Camp Two was a different pudding.
Not to say that the physical or mental pressure eased. But now it was selection by training as opposed to Camp One’s selection by torture.
Nestled in rural Wales, Camp Two resembled an operational Detachment base. There was a bar, a TV room, lecture rooms, ranges, etc.
Women and men lived together. This, of course, was calculated—the DS wished to know how candidates interacted with each other when under pressure. They monitored, for example, how much candidates drank at the end of a stressful day or how they interacted with the opposite sex. (Steamy affairs did happen. And the only SBS operator to ever fail selection did so because he was caught ‘fraternizing’ with a female candidate.)
The six-month program had seven phases: the driving phase, the photography phase, the surveillance phase, the unarmed combat and weapons phase, and the fieldcraft and reconnaissance phase.
At the end of each segment, candidates had to complete an exercise testing the phase’s skill to advance to the next.
There were no rollbacks. Unsuccessful candidates returned to their units.
The DS’ attitude remained cold and professional. Lengthy debriefs followed every exercise, and instructors encouraged candidate feedback.
Training deaths did happen, and attrition remained high. The graduating few went straight to one of the four operational detachments.
Security, if possible, was even tighter since IRA terrorists were seeking for the 14 Int’s training sites. Only the local police chief knew about Camp Two. Otherwise, the locals wondered who this peculiar bunch was and why it drove like that.
Well, there was an explanation for the mad driving: Army rally instructors.
They ran the advanced driving phase. Candidates became expert at high-speed driving, backwards-driving, moving-vehicle entry methods (not through the window, as the CIA practiced!), controlled crashing, skid recovery, vehicle weaponization, vehicle recognition, and counter-ambush driving.
Like rally contestants, candidates worked in pairs—one behind the wheel speeding at 80mph through unsuitable countryside roads, the other reading a map, which was often coded, and gushing directions; an instructor at the back grasping for dear life.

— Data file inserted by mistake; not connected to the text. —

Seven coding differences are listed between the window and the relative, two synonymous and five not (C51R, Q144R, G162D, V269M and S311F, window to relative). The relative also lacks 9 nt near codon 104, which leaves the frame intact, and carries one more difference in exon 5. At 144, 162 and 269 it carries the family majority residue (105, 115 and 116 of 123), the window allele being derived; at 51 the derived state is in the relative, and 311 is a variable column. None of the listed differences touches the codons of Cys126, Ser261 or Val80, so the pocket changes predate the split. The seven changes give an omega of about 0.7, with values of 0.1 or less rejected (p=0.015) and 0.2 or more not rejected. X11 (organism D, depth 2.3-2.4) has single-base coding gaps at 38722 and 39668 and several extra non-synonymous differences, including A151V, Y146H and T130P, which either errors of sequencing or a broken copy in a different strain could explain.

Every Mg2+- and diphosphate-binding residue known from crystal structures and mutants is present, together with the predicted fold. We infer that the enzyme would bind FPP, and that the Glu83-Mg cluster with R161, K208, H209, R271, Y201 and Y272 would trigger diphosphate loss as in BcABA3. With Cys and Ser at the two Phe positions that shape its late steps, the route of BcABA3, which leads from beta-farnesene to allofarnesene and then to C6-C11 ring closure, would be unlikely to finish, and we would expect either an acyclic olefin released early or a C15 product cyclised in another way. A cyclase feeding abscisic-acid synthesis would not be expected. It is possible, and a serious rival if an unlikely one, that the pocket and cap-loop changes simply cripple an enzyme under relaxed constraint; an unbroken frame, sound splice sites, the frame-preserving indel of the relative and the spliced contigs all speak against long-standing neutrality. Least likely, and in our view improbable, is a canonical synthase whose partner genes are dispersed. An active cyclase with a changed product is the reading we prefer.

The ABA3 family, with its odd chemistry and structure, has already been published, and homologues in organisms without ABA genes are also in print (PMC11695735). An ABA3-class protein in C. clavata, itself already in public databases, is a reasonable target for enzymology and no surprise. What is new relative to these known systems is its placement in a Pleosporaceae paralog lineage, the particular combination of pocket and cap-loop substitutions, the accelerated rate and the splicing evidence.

The phase’s motto: drive as fast as possible.
When pulled-over, they used a codeword, to the extreme frustration and curiosity of the local cops, and then vanished.
Accidents, inevitably, did happen—some fatal. But training had to be realistic. In Northern Ireland, their lives, and more importantly their colleagues,’ often hang on agile and aggressive driving.
Next, it was time to snap some pictures. In the photography phase candidates mastered everything from humble Kodaks to video cameras with advanced infrared and night vision lenses.
The phase’s aerial portion was a favorite. Candidates flew on Gazelle and Lynx helicopters, known as the ‘Bat Flight,’ snapping photos and then deciphering them.
Then it was surveillance time.
Taught by the SAS, candidates learnt mounted and dismounted surveillance and counter-surveillance, different methods of entry, lock-picking, alarm-bypassing, bugging and planting cameras in houses and on people.
Actors coached them on disguises and even on how to change their gait and posture; vocal experts helped them perfect their Irish accent. They even learnt which wardrobes and haircuts were most suitable.
Unarmed combat and weapons phase followed.
Candidates practiced different holds and blows, taken from the WWII SOE curriculum.
As for weapons, they mastered everything within, and without, the British arsenal: the MP5, SLR, G3, HK53, M16, M15, Browning Hi-power, Walter PKK, Remington 870 shotgun, AK47, AKM, Uzi, M60, RPG-7, Tokarev and Makarov pistols, flashbangs, and grenades.
They went everywhere armed (even in bed), and spent countless hours and thousands of rounds at the range. Instructors kept them on-edge with realistic, surprise exercises and scenarios, always with live ammo.
In Hereford, they trained at the SAS killing house in hostage rescuing. The approach taught, however, was different from standard SAS for they’d respond only to scenarios such as the immediate rescue of an agent and not to ‘normal’ hostage situations since that was an SAS job.
Then it was fieldcraft and reconnaissance. Candidates perfected how to approach targets, plan routes, establish and extract from observations posts, both urban and rural.
Another valuable skill taught was checkpoint-reaction. Northern Ireland was swimming in them. Everyone used them, the British, the RUC, the IRA, and the Loyalists.
Additional skills covered were rudimentary first-aid (they’d be operating within towns and close to hospitals, so no advanced training was needed), and interrogation training.
A week-long exercise awaited those left standing. Using everything they learnt, candidates had to foil a terrorist cell’s (SAS troopers) hit.
In the end, less than 30% of those who knocked at their unit’s intel officer’s door went to Northern Ireland as operators.
Featured image courtesy of YouTube
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